The 66th Primetime Emmy Awards carried the promise of a disruption, but wound up delivering only minor jolts to the status quo. The Aug. 25 show and telecast were solidly produced, smoothrunning affairs, and the Monday rush hour traffic nightmares many feared never materialized. Julianna Margulies, a best actress drama winner for The Good Wife, told the press backstage that it was one of the most orderly Emmy rituals she had ever experienced.
The tally of winners also had a certain orderliness, or at least tradition-minded logic, to it. More than a few cable and broadcast execs were breathing sighs of relief at the afterparties that Netflix had come up virtually empty. “We were rooting for each other—basically, anyone but Netflix,” one confided.
Broadcast stalwarts such as Modern Family, The Good Wife and The Big Bang Theory remained in the winner’s circle and cable standouts such as Breaking Bad and Fargo also rose to the top. Perhaps the biggest shocker: PBS’ Sherlock scored three wins and the public broadcaster tied CBS for overall wins, with 11.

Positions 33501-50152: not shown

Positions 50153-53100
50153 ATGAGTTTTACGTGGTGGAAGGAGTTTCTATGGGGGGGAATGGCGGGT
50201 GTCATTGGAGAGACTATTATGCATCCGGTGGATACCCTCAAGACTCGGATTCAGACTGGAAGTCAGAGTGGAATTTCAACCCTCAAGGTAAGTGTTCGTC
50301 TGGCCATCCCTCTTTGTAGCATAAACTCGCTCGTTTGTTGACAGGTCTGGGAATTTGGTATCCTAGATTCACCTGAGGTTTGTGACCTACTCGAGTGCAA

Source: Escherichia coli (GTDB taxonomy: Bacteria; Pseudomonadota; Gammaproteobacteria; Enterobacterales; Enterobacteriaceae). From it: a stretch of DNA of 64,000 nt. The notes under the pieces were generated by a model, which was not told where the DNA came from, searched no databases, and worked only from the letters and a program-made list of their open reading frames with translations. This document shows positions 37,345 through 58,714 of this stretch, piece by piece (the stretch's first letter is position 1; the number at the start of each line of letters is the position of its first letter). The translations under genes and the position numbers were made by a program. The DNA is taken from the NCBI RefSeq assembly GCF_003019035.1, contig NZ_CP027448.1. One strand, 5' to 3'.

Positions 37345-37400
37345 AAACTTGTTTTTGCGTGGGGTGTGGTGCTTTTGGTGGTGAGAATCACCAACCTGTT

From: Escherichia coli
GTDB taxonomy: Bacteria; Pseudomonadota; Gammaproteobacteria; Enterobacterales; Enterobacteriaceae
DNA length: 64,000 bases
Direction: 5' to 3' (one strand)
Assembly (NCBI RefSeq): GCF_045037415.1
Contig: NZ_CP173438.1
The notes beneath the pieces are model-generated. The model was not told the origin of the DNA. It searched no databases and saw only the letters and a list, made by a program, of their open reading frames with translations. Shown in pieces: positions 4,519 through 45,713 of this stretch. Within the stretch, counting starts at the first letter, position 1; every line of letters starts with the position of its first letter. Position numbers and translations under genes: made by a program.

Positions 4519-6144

Host Seth Meyers got off a number of topical zingers highlighting the angst of broadcast nets beset by fierce competition on all fronts. The jokes struck deep in an industry room roiled by change. “No one is happier to see streaming services take nominations away from cable than network television,” he said. “Not very nice when someone younger comes along, is it, cable?” It’s a question that is likely to play out on many Emmy nights to come. Just not this one.
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